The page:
It is similar with whisky, where many of our most famous distilleries are owned by international companies. These include Diageo, which is based in London and Campari, which is based in Italy. The key point in both whisky and oil production is that the revenues from whisky exports and oil production do come to Scotland and will remain with us in the event of independence. Some of the profits may end up in England or Italy, but virtually all of the employment comes to Scotland. Pretty much the reverse of what happens with our two overlarge banking groups. They are most welcome to leave Scotland and transfer their registration to England. As Robert Peston also pointed out, such a move would make a currency union all the more feasible and likely. Unless of course we decided that this would make rUK too dependent on a fragile and too big financial sector, and a currency union with rUK would be too risky for us.

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Alistair Darling and the RBS

Why are politicians in the No campaign so unwilling to answer questions from members of the public? I have tried on various occasions and each time, the reply, if it came at all, completely ignored my questions. The most recent example of this comes from Alistair Darling.

Now Mr Darling is apparently the leader of the No campaign and is rarely absent from our broadcast media. Constantly asking the Yes campaign to provide clear answers. Yet when he is asked to provide some clear answers, none are forthcoming! Recently I sent him an email in his capacity as leader of the Better Together campaign. I wanted clarification about comments he had made on the Sunday politics Scotland programme which was broadcast on 29th September of this year. In it he repeated the claim that an independent Scotland would not have been able to save the Royal Bank of Scotland at the time of the financial crisis way back in 2007/08. I have always regarded this oft repeated assertion as one lacking any substance.
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Though its HQ is in Edinburgh, RBS is not in any real sense a Scottish bank. When you check their web site you find that the bank describe themselves in the following terms, “The RBS group is a large international banking and financial services company.” (my emphasis) The RBS group has around 33 million customers globally. This equates to around:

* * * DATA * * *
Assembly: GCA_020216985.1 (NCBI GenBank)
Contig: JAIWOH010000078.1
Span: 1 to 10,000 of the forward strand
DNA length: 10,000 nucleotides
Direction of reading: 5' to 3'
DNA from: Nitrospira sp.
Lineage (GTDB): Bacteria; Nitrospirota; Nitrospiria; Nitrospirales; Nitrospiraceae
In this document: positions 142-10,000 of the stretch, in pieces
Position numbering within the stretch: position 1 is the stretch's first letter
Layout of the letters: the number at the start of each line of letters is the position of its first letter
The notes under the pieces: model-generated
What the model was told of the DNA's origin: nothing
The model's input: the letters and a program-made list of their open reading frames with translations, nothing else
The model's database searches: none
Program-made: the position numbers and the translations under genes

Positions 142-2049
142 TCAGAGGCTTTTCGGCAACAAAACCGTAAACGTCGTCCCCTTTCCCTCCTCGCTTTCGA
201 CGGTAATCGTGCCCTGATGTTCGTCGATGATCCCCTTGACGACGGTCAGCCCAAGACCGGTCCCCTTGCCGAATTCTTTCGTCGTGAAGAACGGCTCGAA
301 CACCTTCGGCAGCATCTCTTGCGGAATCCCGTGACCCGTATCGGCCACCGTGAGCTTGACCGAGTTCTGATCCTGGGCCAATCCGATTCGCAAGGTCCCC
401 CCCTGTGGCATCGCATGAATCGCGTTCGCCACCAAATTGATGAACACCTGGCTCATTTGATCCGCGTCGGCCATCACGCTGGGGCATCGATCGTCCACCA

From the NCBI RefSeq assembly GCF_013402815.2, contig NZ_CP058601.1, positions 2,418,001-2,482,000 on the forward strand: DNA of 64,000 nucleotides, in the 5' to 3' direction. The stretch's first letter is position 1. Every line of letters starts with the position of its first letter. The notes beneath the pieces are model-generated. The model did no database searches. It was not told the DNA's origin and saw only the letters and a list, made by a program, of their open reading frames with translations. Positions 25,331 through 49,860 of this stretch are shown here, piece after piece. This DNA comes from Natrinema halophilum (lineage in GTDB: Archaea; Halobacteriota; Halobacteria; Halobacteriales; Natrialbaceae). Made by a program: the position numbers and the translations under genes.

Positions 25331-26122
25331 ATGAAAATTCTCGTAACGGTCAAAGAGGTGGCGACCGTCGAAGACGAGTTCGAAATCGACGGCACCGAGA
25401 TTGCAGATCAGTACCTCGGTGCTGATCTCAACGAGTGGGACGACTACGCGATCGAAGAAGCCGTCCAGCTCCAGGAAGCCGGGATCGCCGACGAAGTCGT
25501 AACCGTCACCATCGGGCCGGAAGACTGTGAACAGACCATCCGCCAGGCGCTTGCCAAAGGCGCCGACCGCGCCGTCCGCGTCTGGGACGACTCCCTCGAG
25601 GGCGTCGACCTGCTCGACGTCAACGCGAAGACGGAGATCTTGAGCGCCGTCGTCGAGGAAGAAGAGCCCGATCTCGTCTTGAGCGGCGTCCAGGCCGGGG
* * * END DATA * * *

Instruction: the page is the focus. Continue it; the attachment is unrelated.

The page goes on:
24 million in the UK
3 million in Europe
5.4 million in the US
0.4 million in Asia.

Furthermore, across all their brands, they have around 3,700 branches globally:
around 2,200 in the UK
around 1,400 in the United States
around 160 in the rest of the world.

So, it is clear that a lot of money was needed to save the Royal Banking Group. However as they themselves make clear, they are an international company and not just a Scottish company. Indeed their chairman informed a UK parliamentary committee that only 3-4 per cent of the RBS group’s customers are in Scotland. Most of its UK customers will be with the National Westminster, which is an English bank and registered in London. The bit that operates up here in Scotland, the retail bank with branches all over Scotland – The Royal Bank of Scotland – is only a very small part of the RBS group, with around 300 branches in Scotland.

In light of these facts, I wanted to know why the government of an independent Scotland would have been expected to bail out the whole RBS group all on its own? If Scotland had been an independent country, would it not have been the rUK government in London which would have taken on responsibility for RBS group’s operations in England, Wales and Northern Ireland? Particularly as the RBS group received money from the USA government via its rescue package – TARP – for its companies in America.

I went on to point out that there seems to be a similar case at the moment in respect of Santander bank. Like RBS group, Santander describes itself as a global and multinational bank. In its case it is based in Spain. However one of its companies is Santander bank in the UK, which is registered in London. I asked Mr Darling which government would have the responsibility for Santander UK, if the Santander group was to suffer a financial crisis? Would it be the UK government or the Spanish government?

His response? Well, to my disappointment, Mr Darling did not reply at all. Instead I got a long winded email from a Nigel Anthony, Research and Engagement Officer, Better Together. In this response there was only one, single reference to RBS – The total support provided to RBS in 2008 would have been the equivalent of 211 per cent of Scotland’s GDP. Now despite Better Together’s dodgy record with numbers, I am prepared to accept this figure. However, it has absolutely nothing to do with my questions. Mr Anthony’s reply did not at any point make any attempt to provide some of the clarity they so demand of others. In fact from reading his reply, no-one could guess what the questions were. He just ignored them and dished out a dash of propaganda.

Very disappointing from the No campaign and even more disappointing that Mr Darling is happy to approve of this kind of shoddy and disdainful way to respond to a question from a member of the public. Then again, perhaps not. The last thing that Project Fear want is to be forced to answer direct questions. Much easier to just spread lies and scare stories to tame journalists.